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Monday - May 1, 2000

Parenting at Internet Speed

According to MSNBC:

"Beth-Ann Eason, a vice president at Internet ad firm DoubleClick, is expecting her first child in October. Just over a year ago, Eason might have felt nervous about taking time off for a baby or being a working mom in the high-pressured, hyper-kinetic Internet business world. Instead Eason is thrilled, knowing she's in good company. That's because there's a mini-baby boom beginning to occur across the dot-com landscape and it's changing the dynamics of the harried Internet workplace.

At dot-com water coolers, chats about 2 a.m. feedings and sleepless nights are being heard right alongside talk of Javascript and HTML. To be sure, the image of the youthful, workaholic Net executive who doesn't even have time for a relationship isn't extinct yet. Nevertheless, the baby business is blooming.

'New Economy' companies are beginning to mature—both financially and chronologically— and within them a 'parent class' of staffers and executives is popping up at, well, Internet speed. Even Jeff Bezos, Amazon's eternally boyish leader, is a new dad. His son, Preston, was born in early March."

Click here for the full story. (link has expired on MSNBC)

Gradschools Survey Reveals Internet and Media Habits for Grad Students
A recent survey conducted by, a leading online directory of graduate school programs, revealed the Internet and media habits of prospective graduate students.

The survey received 4,160 responses in a four-week time period. The majority of users are college juniors and seniors or recent graduates.

"We conducted the survey with the intention gaining more knowledge about our users," said Mark Shay, president and founder of Educational Directories Unlimited (EDU), "The response, however, was phenomenal. We are very pleased with the results of this survey and the insights we have gained."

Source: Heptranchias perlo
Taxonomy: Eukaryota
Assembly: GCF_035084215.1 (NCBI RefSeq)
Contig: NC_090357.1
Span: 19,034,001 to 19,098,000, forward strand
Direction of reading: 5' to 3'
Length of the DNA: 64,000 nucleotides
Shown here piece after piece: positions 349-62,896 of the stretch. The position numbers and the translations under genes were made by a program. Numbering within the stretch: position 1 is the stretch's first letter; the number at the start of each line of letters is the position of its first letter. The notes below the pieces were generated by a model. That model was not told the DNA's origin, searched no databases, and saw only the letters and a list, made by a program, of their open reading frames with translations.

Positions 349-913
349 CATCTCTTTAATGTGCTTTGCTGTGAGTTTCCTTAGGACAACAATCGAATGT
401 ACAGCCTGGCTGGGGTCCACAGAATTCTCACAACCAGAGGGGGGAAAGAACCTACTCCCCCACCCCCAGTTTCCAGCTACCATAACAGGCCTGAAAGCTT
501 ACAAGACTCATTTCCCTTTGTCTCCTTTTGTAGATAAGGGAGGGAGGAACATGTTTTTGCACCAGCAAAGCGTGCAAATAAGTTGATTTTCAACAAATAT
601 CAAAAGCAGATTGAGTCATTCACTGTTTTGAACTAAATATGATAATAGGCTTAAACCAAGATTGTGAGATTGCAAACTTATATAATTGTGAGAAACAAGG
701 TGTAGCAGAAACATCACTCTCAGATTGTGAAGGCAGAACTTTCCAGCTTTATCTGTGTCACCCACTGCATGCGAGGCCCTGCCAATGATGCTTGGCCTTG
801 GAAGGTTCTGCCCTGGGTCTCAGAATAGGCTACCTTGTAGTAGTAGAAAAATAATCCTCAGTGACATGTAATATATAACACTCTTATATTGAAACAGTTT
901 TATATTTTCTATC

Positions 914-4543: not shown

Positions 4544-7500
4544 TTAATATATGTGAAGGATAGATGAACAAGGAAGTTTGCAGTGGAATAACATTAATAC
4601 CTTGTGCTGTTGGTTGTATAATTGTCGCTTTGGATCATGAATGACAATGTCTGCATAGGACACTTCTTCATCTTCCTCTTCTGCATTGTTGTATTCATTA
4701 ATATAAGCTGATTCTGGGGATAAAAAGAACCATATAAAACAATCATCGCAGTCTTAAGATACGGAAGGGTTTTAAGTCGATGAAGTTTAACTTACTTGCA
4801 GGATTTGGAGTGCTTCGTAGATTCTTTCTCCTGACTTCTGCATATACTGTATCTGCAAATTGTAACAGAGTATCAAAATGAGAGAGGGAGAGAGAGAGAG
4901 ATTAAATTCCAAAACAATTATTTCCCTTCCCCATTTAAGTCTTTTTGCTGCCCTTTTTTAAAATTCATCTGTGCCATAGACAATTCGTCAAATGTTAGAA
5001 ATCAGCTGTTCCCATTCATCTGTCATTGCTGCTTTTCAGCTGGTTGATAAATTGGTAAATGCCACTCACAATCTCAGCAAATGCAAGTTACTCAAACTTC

According to the survey, 95.1 percent of respondents use the Internet once or more a week. When asked, "What do you believe are the most effective ways to reach a college student?" 22.5 percent cited the Internet. The Internet surpassed TV, Newspaper and Radio as the most effective way to reach a college student.

The survey also asked how often the respondent clicks on banners that are of interest to him/her. Twenty-nine percent stated they sometimes do, 33 percent stated they frequently or often click on banners and 38 percent rarely or never do.

The survey results found that 70.4 percent stated that search engines are their primary method of doing research online. A whopping 52.7 percent of respondents cited Yahoo! as the search engine/index they used most often while AltaVista trailed behind in second place at 9.9 percent.

As for traditional media, some surprising results were revealed. Out of 3,357 users who responded to the question "What type of advertisements influence you the most", 52.7 percent stated that TV commercials had the most influence over their purchasing decisions. Print advertisements came in second at 24.6 percent, radio came in third at 9.5 percent and online advertising trailed behind at 4.0 percent.

When asked about their reading habits, only 18 percent of respondents frequently or often read college-oriented magazines, while 54.3 percent frequently or often read non-college oriented magazines. The top five non-college oriented magazines were Time, Cosmopolitan, Newsweek, People and National Geographic respectively.

"The results of this survey confirmed our beliefs that web marketing is the most effective way to reach students provided the content is of high quality," said Shay, "We are committed to deliver a product that meets their needs and survey's such as this guide us."


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